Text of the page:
We did not have to work so hard for the Javan Pond-Heron - or at least, I didn't.  Others were not quite so lucky.  It will always be memorable for me as it was my 750th Australian bird.

It was a great trip and I came home very happy with my 13 lifers.  I'd hoped for a bittern or a wagtail:  we did not see one of either.  Usually, I lament my omissions.  However, right now, I am quite delighted with all that we did see. My Australian total now sits on 755.

Saturday, 15 November 2014


When I heard that the Long-billed Dowitcher had returned to Lake Tutchewop, I had no option but to go back.  It was worth the drive (and what a drive it was!)  Thanks to the friendly birders at the lake, who located the bird, I achieved a wonderful lifer - a bird that I'd never dreamed I'd see.  I am again indebted to my fellow birders.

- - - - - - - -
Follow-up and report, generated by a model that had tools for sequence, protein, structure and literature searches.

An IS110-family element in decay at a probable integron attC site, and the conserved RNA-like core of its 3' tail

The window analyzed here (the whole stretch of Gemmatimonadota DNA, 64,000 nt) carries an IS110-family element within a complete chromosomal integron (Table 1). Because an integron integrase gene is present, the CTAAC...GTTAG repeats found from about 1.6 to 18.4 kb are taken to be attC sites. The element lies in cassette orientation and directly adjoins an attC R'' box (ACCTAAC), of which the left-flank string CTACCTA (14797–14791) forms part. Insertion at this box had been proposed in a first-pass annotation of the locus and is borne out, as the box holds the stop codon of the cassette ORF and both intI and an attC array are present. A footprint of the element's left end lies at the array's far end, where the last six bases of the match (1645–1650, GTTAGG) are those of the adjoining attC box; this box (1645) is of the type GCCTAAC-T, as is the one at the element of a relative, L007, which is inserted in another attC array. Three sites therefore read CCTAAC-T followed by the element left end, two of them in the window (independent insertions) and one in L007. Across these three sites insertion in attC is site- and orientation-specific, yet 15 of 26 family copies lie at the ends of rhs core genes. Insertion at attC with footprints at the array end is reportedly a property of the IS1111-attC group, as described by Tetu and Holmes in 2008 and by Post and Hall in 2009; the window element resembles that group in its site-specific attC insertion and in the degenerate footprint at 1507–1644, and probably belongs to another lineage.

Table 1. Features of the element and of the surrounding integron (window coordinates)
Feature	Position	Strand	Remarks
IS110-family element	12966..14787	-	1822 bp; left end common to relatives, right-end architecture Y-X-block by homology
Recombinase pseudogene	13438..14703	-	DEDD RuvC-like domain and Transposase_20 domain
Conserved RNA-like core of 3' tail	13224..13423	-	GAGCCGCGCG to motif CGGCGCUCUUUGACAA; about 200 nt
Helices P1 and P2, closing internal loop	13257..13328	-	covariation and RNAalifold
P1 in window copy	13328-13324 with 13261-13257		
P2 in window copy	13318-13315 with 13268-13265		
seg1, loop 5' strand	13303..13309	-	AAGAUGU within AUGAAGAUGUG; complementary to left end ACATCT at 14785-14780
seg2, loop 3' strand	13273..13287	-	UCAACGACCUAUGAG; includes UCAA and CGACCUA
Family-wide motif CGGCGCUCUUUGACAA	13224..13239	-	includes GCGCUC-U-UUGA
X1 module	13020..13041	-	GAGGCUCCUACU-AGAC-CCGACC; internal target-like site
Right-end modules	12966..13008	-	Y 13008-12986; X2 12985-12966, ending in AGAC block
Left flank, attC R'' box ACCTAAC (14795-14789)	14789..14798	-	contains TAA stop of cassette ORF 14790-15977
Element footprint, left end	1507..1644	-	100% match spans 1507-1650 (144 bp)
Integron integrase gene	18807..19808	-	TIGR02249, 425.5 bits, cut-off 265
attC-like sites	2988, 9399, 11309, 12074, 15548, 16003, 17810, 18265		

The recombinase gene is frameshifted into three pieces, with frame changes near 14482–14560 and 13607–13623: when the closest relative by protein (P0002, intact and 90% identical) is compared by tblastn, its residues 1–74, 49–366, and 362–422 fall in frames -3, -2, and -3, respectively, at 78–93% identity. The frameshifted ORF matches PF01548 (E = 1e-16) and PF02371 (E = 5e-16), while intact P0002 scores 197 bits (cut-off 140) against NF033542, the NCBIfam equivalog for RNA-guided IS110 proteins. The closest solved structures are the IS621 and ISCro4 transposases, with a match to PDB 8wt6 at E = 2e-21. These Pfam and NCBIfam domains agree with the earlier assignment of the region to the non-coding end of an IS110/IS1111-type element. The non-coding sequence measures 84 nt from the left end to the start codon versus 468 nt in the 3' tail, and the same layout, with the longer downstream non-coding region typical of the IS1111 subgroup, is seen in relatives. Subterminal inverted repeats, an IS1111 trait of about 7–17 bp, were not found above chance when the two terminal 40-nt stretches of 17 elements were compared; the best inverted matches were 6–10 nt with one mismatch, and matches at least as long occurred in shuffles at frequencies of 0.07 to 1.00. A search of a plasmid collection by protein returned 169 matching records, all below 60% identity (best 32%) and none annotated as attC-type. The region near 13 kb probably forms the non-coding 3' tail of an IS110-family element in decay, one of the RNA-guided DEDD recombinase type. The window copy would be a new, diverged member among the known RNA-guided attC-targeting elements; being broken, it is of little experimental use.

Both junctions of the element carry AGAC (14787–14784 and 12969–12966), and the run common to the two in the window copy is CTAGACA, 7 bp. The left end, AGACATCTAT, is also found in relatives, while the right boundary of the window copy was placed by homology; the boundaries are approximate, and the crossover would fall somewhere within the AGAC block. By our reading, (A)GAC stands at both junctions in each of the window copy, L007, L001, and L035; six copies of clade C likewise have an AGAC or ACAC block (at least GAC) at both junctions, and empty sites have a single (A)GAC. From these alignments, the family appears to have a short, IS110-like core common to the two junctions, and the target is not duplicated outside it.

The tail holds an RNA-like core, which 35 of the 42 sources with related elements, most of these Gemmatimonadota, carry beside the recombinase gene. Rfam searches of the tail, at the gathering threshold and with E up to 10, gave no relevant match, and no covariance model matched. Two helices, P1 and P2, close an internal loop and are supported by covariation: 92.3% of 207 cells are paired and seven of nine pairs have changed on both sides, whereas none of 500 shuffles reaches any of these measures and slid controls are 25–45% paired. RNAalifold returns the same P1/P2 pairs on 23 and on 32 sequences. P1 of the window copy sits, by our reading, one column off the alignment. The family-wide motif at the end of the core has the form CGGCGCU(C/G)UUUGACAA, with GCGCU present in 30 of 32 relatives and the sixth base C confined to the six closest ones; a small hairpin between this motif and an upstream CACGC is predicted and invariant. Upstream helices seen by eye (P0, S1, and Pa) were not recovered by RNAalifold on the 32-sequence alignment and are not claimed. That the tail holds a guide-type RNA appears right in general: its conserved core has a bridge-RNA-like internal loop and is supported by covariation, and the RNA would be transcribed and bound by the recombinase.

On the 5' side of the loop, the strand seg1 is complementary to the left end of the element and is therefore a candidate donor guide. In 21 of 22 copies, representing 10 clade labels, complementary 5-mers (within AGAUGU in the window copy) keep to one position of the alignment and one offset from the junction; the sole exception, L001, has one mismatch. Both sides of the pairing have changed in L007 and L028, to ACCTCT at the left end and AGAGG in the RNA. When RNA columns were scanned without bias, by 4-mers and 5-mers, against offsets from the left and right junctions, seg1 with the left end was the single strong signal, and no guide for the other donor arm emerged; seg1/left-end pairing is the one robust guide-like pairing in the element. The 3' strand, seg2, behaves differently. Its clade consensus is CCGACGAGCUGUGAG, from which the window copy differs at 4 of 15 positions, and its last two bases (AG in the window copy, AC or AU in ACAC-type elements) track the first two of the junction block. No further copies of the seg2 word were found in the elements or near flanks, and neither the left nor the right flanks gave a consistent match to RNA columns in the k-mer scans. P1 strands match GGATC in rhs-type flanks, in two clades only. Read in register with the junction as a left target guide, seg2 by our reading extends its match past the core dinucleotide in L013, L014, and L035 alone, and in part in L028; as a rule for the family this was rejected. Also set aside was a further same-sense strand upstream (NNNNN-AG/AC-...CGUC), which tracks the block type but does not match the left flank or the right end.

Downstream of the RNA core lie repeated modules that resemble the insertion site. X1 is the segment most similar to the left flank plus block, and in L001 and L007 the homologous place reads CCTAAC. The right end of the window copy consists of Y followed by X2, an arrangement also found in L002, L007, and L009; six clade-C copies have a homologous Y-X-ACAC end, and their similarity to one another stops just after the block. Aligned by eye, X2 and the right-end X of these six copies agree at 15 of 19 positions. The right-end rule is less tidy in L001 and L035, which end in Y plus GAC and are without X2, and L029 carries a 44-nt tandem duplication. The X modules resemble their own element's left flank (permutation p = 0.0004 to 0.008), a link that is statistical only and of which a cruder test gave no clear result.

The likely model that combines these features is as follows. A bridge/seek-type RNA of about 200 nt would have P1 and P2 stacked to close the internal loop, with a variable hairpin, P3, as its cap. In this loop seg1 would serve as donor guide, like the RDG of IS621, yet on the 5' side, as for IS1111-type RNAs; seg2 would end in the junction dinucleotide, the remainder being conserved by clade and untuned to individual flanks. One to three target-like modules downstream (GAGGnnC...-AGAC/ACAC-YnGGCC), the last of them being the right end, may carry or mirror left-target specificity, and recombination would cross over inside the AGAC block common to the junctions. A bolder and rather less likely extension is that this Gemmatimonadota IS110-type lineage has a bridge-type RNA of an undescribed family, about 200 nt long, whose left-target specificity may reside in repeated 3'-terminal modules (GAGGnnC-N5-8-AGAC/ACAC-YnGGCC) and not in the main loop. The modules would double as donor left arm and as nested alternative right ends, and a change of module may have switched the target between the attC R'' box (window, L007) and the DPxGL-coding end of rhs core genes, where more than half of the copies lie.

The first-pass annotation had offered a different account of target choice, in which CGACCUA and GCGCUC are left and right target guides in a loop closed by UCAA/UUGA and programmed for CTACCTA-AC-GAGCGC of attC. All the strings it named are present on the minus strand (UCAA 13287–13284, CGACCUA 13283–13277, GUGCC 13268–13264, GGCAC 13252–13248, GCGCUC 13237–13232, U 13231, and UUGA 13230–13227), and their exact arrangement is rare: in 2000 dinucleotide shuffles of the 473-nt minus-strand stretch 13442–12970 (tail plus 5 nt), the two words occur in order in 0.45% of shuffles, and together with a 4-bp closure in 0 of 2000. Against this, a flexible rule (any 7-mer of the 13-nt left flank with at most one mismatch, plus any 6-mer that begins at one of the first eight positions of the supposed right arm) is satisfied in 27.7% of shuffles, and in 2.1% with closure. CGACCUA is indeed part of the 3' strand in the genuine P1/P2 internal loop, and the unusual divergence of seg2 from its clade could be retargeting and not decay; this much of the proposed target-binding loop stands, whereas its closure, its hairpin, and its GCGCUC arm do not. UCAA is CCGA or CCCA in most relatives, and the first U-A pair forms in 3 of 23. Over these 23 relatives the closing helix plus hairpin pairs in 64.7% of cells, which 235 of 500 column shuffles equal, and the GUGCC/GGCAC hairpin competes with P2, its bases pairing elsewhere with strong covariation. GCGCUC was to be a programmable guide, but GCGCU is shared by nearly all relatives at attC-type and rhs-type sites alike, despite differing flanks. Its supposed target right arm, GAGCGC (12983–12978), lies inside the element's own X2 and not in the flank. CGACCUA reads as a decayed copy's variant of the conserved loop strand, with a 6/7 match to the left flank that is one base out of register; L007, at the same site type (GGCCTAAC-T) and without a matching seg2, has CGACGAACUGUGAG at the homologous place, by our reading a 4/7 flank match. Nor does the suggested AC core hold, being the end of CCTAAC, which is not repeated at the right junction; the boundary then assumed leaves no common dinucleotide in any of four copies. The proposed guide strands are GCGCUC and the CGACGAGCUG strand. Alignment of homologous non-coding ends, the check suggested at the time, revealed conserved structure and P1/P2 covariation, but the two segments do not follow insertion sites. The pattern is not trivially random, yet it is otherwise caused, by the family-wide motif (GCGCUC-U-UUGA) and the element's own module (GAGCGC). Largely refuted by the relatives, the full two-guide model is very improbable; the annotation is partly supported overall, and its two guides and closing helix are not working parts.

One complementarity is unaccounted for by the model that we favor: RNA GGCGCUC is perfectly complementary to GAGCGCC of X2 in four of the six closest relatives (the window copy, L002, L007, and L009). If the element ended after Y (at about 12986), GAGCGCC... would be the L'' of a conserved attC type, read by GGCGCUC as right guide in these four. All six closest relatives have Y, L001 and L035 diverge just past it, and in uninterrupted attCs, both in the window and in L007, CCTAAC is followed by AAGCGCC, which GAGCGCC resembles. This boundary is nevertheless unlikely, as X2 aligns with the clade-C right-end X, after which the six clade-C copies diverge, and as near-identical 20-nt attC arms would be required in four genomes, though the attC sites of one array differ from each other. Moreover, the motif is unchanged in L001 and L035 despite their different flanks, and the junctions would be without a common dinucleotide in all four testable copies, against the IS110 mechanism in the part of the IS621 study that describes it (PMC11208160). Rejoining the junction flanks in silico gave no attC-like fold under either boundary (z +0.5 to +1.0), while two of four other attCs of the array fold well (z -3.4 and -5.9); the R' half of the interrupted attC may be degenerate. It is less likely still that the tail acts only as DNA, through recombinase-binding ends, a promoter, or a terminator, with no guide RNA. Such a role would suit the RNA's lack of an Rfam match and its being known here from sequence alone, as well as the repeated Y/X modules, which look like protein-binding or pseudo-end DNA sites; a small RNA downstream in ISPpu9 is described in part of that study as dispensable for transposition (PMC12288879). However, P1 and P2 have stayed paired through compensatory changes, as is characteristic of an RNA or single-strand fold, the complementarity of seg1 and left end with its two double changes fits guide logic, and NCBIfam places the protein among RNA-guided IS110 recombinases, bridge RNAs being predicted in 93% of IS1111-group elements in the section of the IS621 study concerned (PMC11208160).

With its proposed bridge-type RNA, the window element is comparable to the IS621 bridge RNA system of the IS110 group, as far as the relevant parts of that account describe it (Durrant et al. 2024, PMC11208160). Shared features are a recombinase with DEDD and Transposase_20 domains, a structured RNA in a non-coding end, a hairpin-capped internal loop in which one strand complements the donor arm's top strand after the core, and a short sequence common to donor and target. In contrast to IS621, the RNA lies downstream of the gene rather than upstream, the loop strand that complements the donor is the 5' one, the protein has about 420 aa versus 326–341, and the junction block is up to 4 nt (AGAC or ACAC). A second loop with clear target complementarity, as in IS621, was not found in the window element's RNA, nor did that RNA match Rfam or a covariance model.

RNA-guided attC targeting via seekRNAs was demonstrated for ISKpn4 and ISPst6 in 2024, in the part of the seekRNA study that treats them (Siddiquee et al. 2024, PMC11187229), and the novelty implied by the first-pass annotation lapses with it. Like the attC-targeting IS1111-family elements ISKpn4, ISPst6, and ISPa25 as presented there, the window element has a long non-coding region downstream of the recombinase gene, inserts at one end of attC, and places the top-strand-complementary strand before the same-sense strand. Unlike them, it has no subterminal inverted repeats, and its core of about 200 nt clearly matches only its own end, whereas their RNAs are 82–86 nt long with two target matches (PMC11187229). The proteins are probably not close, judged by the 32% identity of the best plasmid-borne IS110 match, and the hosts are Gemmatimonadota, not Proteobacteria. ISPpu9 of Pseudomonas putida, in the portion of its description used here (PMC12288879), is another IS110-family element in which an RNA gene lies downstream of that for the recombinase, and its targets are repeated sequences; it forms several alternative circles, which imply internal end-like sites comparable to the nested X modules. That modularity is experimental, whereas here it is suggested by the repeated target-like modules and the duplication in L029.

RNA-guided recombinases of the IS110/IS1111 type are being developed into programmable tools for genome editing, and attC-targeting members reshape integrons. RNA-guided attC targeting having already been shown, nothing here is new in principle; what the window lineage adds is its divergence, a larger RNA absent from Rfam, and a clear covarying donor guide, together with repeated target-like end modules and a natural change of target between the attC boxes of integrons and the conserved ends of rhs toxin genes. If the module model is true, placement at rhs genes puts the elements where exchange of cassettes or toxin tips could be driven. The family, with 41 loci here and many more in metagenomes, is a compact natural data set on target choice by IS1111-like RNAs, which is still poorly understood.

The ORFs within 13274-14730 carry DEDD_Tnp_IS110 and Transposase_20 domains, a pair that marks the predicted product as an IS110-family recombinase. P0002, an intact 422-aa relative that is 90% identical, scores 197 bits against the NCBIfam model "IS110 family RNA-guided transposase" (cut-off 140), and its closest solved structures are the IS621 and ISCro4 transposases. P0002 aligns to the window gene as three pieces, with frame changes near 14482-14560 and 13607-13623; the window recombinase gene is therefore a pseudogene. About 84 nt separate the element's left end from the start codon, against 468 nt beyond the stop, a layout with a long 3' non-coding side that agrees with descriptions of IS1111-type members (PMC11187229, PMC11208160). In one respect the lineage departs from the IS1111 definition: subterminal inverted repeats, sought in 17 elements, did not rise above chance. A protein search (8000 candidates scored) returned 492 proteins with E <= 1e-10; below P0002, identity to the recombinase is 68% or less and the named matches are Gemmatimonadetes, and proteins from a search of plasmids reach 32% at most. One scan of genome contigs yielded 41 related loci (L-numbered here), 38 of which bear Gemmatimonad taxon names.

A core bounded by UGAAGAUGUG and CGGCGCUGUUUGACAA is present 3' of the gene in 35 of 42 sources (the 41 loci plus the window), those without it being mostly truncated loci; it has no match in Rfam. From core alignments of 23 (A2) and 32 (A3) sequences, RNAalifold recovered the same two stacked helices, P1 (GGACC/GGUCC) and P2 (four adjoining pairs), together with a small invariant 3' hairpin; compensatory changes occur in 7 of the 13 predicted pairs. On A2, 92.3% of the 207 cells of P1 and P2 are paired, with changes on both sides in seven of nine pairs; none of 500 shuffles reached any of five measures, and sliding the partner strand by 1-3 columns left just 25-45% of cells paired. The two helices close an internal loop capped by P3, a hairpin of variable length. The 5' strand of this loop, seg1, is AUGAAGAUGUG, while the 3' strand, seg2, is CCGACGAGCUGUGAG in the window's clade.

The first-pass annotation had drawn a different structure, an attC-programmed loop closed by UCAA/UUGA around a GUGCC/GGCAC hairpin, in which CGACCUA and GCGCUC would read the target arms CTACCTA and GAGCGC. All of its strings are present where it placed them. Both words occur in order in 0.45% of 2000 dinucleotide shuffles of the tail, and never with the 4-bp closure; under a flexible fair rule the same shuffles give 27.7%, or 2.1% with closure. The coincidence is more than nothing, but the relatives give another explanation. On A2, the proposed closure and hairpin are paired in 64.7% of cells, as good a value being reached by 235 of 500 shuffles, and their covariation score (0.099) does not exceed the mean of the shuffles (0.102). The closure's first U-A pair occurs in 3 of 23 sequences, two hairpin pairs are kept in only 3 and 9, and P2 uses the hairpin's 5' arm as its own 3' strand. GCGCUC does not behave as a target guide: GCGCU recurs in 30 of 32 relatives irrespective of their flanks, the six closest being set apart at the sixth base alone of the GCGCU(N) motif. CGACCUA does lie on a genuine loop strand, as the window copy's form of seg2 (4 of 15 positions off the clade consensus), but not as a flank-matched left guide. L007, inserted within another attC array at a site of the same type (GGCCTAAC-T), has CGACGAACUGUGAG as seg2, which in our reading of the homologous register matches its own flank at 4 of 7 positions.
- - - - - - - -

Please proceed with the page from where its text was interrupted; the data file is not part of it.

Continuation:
I planned to arise at 5 a.m. and leave at 6, but as I was awake anyway, I jumped out of bed at 4.15, and left at 5.  It was dark and very, very wet.  My first problem was that Johnson Street had been blocked off for some sort of street carnival.  Despite having no sense of direction, I managed to navigate my way around that in the dark.  The next problem was filling the car with petrol - something I've never done before in my new car.  Then, going up the Calder at about 60 k in the 110 k zone, I found myself aquaplaning all over the wet road.  Most disconcerting.  I wondered if there'd be ice at Macedon.  It was 8.5 degrees, so I figured that was too warm for ice.  Instead I was treated to thick fog.

The first bird I saw was a kookaburra at 6.20.  Other good birds on the trip up were a Royal Spoonbill and a Spotted Harrier.